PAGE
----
• You can have a quick snack and a coffee in the 'Kiosk' or have lunch or even dinner in the 'Cellarium Café and Terrace'.

Vicky's Traveller Tip

Take the opportunity to get to know Abbey's surroundings: the River Thames and the London Eye.

Other points of interest in the area around Westminster Abbey

The important area in which the formidable Westminster Abbey is located is full of other must-see places to explore on your visit to London. Next to it, just 160 metres away, is the Palace of Westminster, home to the Houses of Parliament and the legendary Big Ben.

From there you can embark on one of the Thames river cruises, a good plan to rest after visiting the Abbey. This is the article I wrote about it: Thames River Cruises in London.

A little further on, about 450 metres away, you can take a break from your long visit to these two architectural wonders thanks to the wonderful gardens of London's oldest and most beloved park, St James's Park, ideal to enjoy with children.

You can also take in the London skyline from the heights of Europe's tallest Ferris wheel, the London Eye, less than 700 metres from Westminster Abbey, or take in centuries of the finest British art at the renowned Tate Britain Museum, less than a kilometre from the Abbey. Here is the guide I wrote about London Eye Tickets: how to buy, prices and schedules.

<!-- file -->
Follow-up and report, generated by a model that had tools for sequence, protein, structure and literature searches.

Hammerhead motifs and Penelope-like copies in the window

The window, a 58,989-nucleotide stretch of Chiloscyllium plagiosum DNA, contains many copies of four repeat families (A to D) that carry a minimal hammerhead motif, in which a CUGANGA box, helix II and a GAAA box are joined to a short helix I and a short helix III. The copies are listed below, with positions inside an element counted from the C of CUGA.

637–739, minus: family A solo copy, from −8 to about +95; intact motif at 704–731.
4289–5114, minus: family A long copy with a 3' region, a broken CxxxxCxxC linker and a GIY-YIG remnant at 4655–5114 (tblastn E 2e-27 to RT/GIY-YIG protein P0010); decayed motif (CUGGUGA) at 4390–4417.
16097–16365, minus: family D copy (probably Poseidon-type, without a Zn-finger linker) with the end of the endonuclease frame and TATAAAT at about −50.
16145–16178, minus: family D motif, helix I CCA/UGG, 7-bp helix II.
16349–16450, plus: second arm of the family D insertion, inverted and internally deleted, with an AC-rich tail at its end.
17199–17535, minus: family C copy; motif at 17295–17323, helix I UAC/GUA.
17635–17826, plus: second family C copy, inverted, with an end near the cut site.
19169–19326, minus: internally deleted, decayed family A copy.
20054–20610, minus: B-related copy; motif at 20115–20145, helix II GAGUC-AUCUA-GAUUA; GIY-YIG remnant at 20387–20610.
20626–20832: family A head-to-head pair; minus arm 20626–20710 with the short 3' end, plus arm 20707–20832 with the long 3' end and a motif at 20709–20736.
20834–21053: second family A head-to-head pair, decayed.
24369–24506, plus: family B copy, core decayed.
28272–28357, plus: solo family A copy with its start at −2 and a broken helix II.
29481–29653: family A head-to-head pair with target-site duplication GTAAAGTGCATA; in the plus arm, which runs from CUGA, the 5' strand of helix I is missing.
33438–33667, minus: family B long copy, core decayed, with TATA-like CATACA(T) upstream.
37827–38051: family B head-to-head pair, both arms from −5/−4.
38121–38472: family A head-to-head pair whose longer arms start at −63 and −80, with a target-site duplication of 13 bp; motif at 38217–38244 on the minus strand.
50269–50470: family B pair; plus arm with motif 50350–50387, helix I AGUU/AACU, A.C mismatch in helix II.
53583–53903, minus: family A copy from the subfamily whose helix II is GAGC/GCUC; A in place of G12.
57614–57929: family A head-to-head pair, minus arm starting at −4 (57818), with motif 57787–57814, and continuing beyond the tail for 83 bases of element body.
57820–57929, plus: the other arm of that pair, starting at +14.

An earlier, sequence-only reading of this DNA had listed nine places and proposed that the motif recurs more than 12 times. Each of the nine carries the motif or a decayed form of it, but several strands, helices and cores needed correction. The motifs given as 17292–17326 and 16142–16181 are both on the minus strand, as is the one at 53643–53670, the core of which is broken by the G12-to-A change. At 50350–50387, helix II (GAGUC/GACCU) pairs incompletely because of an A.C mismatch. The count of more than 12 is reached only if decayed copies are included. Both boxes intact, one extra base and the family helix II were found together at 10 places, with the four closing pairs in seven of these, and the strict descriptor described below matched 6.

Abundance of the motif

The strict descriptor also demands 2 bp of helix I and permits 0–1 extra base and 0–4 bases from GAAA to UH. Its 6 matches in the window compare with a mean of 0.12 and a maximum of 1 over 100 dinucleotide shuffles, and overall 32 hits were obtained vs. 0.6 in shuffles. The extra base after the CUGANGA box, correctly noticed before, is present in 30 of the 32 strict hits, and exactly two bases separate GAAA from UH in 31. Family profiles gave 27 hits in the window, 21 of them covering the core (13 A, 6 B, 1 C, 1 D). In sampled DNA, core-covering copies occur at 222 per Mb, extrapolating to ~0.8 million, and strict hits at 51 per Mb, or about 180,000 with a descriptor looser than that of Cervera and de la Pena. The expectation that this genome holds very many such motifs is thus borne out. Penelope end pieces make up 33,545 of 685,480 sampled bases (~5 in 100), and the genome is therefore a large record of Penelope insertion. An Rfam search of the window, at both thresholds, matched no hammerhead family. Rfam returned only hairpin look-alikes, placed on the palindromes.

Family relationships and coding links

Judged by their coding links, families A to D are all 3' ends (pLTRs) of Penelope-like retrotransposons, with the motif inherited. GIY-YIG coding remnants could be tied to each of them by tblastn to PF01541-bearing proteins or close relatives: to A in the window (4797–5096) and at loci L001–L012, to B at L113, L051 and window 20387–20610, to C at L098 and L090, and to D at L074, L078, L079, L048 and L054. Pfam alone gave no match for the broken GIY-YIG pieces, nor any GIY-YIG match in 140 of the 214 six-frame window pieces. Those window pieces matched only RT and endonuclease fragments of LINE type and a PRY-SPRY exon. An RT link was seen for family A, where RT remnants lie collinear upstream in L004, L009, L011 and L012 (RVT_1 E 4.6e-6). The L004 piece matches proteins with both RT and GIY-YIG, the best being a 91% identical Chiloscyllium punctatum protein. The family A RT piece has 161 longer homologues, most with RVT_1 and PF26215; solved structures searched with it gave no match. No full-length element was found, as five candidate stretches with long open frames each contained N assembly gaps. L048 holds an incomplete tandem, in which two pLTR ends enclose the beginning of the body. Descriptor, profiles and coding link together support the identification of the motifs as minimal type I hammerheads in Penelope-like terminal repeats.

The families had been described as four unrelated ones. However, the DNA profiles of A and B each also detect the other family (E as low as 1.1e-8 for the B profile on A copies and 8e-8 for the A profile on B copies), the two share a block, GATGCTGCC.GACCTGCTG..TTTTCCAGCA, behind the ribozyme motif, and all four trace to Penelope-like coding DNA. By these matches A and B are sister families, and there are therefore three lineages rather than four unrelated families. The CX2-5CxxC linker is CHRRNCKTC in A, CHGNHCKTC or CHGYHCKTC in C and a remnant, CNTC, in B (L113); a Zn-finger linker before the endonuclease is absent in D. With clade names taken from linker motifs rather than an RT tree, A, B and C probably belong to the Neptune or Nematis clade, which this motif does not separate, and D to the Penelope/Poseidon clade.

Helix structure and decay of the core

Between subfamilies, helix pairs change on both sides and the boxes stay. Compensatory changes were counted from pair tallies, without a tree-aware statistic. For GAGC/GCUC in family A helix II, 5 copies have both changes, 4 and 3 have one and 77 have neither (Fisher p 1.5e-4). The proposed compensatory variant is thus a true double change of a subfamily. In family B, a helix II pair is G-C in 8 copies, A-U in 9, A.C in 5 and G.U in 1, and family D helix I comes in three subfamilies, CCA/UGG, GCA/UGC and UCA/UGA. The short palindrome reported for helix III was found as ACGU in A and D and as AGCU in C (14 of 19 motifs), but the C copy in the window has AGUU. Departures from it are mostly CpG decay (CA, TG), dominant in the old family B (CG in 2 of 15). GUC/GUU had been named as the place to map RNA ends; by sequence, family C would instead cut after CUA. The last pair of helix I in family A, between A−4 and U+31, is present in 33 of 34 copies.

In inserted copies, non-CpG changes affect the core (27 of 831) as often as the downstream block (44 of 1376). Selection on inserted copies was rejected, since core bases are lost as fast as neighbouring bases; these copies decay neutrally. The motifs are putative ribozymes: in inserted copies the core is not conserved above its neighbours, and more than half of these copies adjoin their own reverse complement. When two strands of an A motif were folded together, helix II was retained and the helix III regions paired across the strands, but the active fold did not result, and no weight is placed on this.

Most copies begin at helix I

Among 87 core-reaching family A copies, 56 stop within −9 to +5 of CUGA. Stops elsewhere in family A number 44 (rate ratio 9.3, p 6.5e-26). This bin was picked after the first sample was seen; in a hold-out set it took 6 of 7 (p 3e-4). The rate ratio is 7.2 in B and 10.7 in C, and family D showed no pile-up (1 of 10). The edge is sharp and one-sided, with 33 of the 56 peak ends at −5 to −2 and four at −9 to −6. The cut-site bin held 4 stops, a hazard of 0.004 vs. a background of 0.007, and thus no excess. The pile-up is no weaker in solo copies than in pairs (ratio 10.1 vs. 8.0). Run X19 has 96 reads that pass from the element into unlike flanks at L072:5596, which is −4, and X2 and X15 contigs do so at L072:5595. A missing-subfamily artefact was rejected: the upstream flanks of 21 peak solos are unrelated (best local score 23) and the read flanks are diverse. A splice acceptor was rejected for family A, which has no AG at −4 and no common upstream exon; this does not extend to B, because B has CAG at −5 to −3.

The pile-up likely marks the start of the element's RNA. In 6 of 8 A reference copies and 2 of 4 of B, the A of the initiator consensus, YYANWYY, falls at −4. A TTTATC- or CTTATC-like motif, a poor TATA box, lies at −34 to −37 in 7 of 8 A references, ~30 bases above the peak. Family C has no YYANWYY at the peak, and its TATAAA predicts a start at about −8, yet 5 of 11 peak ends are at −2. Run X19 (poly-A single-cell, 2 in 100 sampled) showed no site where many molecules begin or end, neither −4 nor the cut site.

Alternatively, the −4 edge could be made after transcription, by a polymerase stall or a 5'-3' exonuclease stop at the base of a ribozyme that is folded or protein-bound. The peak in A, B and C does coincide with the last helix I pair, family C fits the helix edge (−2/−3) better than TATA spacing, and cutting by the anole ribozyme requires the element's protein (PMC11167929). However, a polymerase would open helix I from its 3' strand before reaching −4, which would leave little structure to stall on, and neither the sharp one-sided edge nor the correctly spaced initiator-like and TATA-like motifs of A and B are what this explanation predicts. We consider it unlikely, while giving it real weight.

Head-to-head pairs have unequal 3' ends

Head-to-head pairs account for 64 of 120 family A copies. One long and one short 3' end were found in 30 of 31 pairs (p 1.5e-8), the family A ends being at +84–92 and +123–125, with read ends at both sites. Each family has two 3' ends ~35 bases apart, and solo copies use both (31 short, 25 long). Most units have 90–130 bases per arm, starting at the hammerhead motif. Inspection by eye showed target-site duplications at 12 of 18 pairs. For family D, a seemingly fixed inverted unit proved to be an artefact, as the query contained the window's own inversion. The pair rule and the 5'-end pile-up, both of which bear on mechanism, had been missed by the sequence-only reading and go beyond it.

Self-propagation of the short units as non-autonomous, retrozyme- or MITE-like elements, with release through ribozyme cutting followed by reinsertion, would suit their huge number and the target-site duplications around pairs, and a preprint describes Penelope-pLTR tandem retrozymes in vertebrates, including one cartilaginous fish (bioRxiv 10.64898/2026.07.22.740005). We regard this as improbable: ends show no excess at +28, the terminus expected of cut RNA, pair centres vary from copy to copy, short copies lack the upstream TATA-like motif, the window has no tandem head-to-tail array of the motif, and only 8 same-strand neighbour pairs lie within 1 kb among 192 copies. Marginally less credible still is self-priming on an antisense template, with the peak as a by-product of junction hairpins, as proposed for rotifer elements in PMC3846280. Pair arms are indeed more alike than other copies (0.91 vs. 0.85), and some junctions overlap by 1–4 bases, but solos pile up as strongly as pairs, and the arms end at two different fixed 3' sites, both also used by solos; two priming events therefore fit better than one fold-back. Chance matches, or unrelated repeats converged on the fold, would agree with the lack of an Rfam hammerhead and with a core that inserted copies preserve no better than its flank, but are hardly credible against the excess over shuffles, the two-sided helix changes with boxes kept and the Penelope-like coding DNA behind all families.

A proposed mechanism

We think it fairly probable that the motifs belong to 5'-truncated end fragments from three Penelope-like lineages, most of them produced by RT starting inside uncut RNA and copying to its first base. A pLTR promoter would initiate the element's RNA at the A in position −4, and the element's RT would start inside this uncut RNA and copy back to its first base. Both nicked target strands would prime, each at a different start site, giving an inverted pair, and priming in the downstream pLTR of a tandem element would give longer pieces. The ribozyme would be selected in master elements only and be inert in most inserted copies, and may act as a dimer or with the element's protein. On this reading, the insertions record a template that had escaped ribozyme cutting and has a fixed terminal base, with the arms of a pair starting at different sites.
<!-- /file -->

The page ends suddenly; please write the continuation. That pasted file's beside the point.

Frequently asked questions

  • Is there a dress code for access to Westminster Abbey?

    Yes, bear in mind that this is a religious temple, so avoid short trousers or skirts and cover your shoulders.

  • How do I get free access to Westminster Abbey?

    Westminster Abbey is included in the London Pass, which gives you access to Westminster Abbey at no extra cost if you have the London Pass.

  • Is it worth taking a guided tour or can I visit on my own?

    You can visit it on your own, but there is a guided tour that also takes you to the Houses of Parliament and reveals the history and most important events that took place at both sites. There is also the option of taking an audio guide.

  • What can I see near Westminster Abbey?

    You can take advantage of the visit to see the Houses of Parliament and Big Ben, the London Eye and even take a cruise on the Thames.